All episodes of “Fargo” season 4 were co-written by series creator Noah Hawley, with direction by a whole batch of cool people. And the craft here is just as stellar as before. There’s a lot of energy within the directing, crackling in a way that feels wholly unique to this show. All of it wrapped up wonderfully in some really beautiful cinematography.

This show/season has been pretty well received. On Rotten Tomatoes it has an 81% positive rating and a “Fresh” certification. On Metacritic it has a score of 68/100. And on imdb.com it has a score of 8.9/10 and is ranked #36 on the “Top 250 TV” list.

While it’s my least favorite iteration of the show so far, season 4 of “Fargo” is still a damn fine season of tv. It has a good story, great characters, fantastic performances, great music, and fantastic directing/cinematography. Time for my final score. *Ahem*. My final score for “Fargo” season 4 is an 8.78/10. So while it is pretty flawed, it is still definitely worth watching.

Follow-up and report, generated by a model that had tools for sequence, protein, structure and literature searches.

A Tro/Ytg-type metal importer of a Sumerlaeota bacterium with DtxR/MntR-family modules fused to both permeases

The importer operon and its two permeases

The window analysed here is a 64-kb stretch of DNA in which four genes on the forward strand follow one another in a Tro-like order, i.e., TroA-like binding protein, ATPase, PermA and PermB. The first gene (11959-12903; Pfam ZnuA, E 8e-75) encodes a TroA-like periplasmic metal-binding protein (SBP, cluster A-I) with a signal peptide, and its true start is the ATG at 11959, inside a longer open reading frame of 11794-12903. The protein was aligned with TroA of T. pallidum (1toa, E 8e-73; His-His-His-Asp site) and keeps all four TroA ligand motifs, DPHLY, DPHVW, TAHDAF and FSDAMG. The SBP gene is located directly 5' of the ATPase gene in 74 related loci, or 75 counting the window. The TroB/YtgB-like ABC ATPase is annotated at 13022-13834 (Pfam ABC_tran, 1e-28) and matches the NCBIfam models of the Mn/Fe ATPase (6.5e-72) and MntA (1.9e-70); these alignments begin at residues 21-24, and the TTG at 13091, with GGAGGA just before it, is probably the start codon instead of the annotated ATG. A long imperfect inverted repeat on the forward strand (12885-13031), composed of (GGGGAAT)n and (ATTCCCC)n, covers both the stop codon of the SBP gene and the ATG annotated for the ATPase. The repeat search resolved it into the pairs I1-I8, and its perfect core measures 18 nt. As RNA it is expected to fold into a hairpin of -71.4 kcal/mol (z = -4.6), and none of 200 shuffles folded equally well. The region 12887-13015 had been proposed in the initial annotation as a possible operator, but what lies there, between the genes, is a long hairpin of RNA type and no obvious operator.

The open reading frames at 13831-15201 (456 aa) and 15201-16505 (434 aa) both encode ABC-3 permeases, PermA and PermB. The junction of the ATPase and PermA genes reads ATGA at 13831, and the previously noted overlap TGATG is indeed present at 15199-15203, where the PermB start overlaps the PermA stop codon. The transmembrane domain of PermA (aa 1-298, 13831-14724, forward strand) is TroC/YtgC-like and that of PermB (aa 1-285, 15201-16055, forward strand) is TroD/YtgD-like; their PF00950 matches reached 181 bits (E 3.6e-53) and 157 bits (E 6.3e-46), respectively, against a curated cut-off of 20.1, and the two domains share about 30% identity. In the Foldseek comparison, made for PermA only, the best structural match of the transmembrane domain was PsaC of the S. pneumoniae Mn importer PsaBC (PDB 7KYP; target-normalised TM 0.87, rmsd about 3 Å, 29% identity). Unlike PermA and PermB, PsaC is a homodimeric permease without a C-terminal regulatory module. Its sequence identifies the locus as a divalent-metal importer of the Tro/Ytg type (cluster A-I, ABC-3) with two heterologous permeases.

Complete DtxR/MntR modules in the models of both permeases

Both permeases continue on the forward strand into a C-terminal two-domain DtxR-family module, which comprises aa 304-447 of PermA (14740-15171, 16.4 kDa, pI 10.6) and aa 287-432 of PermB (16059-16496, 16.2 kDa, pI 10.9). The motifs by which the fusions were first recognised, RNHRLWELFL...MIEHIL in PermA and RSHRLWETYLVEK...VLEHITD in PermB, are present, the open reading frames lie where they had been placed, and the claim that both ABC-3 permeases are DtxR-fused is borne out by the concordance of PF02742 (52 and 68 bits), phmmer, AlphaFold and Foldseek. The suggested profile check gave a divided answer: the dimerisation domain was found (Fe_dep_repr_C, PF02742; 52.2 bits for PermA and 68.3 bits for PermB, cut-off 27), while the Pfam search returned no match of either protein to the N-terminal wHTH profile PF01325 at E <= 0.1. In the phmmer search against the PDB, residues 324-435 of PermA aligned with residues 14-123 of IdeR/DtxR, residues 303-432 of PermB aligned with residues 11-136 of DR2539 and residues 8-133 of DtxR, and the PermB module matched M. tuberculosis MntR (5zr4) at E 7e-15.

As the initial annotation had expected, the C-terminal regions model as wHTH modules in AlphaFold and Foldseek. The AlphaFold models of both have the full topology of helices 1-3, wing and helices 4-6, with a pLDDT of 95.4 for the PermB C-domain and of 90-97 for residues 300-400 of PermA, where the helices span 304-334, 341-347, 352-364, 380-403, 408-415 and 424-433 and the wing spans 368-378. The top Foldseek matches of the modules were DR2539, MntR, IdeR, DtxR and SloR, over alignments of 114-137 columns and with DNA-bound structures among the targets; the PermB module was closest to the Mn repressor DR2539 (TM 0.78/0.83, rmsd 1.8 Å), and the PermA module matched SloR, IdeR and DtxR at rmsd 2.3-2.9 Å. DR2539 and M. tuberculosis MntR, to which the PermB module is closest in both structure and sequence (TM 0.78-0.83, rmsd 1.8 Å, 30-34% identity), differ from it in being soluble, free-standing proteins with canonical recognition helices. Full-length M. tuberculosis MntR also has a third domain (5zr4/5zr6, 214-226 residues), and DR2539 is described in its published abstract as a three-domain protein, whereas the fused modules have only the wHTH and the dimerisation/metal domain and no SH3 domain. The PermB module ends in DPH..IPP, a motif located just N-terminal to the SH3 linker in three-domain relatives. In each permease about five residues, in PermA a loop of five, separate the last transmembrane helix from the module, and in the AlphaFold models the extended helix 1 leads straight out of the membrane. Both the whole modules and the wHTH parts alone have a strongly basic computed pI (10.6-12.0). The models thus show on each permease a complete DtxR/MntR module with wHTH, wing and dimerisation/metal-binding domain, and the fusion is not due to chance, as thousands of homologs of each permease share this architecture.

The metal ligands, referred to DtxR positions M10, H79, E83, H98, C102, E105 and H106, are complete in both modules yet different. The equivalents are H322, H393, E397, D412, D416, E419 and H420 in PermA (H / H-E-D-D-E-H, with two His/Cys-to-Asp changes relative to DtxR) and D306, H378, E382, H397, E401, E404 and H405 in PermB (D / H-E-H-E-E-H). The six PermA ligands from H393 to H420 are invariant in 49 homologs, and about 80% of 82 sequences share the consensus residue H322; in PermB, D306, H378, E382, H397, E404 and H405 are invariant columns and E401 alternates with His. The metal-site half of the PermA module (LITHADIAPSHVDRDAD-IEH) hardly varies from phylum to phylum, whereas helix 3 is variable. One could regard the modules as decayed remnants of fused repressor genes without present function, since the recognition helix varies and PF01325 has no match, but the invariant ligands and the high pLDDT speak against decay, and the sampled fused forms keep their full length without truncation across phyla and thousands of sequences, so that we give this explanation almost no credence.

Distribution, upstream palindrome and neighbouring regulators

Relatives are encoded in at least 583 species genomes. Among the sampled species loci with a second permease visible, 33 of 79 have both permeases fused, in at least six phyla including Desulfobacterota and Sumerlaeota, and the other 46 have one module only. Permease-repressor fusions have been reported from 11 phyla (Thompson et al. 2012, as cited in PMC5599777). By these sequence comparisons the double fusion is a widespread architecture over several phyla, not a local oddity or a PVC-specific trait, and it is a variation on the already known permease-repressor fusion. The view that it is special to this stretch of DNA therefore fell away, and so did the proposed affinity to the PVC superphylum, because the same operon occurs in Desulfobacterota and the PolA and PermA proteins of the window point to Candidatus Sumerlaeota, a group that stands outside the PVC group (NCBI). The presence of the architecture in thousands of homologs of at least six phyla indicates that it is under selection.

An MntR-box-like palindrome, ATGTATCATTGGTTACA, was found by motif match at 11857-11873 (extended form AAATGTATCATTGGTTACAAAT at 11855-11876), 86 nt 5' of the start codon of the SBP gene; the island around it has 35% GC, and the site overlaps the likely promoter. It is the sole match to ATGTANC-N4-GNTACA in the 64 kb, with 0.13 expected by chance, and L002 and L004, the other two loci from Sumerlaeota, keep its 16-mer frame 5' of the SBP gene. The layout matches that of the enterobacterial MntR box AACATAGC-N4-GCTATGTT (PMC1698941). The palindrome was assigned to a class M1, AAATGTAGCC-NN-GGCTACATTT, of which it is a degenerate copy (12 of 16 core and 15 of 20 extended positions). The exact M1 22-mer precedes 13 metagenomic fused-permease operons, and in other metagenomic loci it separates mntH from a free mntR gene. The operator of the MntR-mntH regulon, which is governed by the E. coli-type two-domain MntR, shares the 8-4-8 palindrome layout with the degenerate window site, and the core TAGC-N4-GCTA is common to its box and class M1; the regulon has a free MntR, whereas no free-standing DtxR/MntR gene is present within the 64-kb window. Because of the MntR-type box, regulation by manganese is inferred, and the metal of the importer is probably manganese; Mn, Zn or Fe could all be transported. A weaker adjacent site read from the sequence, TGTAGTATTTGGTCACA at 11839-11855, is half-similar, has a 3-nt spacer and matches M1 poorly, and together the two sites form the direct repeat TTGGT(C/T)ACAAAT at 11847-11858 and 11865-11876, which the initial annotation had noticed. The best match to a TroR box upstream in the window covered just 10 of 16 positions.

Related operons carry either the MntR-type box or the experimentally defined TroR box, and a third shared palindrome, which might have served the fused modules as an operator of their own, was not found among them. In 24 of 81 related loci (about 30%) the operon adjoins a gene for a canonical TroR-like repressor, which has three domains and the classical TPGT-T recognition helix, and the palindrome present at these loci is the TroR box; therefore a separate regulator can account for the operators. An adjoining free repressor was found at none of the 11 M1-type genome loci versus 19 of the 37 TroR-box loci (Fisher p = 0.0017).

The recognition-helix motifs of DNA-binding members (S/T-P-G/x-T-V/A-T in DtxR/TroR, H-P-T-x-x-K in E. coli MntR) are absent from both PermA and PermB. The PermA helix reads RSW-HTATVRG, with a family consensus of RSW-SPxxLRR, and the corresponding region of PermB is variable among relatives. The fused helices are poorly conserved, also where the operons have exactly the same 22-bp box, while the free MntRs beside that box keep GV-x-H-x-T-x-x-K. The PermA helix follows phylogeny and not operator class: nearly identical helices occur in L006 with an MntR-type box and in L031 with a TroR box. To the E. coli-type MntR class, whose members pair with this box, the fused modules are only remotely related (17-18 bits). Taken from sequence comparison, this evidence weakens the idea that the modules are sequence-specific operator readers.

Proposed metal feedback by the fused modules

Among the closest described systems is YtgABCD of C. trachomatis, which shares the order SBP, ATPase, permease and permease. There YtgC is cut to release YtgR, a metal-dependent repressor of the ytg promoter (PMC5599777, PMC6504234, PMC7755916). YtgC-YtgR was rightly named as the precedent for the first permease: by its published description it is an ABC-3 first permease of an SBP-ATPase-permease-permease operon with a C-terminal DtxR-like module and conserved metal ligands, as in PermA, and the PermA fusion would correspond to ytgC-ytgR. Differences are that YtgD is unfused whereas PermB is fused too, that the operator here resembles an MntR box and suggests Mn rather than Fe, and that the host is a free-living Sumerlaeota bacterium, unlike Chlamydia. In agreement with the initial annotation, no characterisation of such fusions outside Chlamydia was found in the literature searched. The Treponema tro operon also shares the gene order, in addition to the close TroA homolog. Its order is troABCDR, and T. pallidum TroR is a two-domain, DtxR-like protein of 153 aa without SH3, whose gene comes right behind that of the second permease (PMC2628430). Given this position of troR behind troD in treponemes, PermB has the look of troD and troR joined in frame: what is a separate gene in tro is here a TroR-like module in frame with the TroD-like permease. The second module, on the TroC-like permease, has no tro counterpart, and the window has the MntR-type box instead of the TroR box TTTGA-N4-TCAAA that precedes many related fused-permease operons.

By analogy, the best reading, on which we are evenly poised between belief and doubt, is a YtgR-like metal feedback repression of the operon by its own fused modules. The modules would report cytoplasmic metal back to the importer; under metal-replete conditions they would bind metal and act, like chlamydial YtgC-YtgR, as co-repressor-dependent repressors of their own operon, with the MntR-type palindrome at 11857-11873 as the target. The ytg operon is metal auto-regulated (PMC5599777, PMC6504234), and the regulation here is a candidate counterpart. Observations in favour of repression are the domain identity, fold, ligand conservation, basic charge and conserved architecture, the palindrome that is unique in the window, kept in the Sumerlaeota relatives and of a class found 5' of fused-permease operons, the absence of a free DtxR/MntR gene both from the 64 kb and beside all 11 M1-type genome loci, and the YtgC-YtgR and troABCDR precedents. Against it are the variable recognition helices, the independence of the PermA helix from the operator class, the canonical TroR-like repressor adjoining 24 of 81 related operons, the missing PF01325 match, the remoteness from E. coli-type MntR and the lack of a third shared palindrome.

My review of “Fargo” season 4 is now completed

Is Olyphant gonna get typecast as a marshal for the rest of his career?

Series Review: Legion – Season 2 (2018)

Another year(ish) has passed, the season has wrapped up (in the US and here in Sweden at least), so now I can finally talk about the insanity that is “Legion” once again. If you haven’t seen the show or know nothing about it, go read my season 1 review, then go watch the show. This is not the jumping-on point.

Ladies and gents… “Legion” season 2.

Set a year after the first season, David (Dan Stevens) finds himself having to work with both his friends and an old foe to stop Farouk (Navid Negahban) from finding his old body, which would give him a lot of power. So the basic idea this season is a bit more straightforward compared to the first, since we know what the general goal of the characters is. Of course, “Legion” being “Legion”, its approach to telling this story isn’t as straightforward and normal as most shows. It’s still filled with weird, trippy shit that may just leave you confused at first, but will make a little bit more sense down the line. But through this strange journey we do get some solid drama, suspense, and intriguing storytelling. Is the narrative as strong as the first season? Not quite. It’s still damn good, but it’s not quite as tight as the first season since it’s trying to branch out into something bigger. The plot here is still damn good though.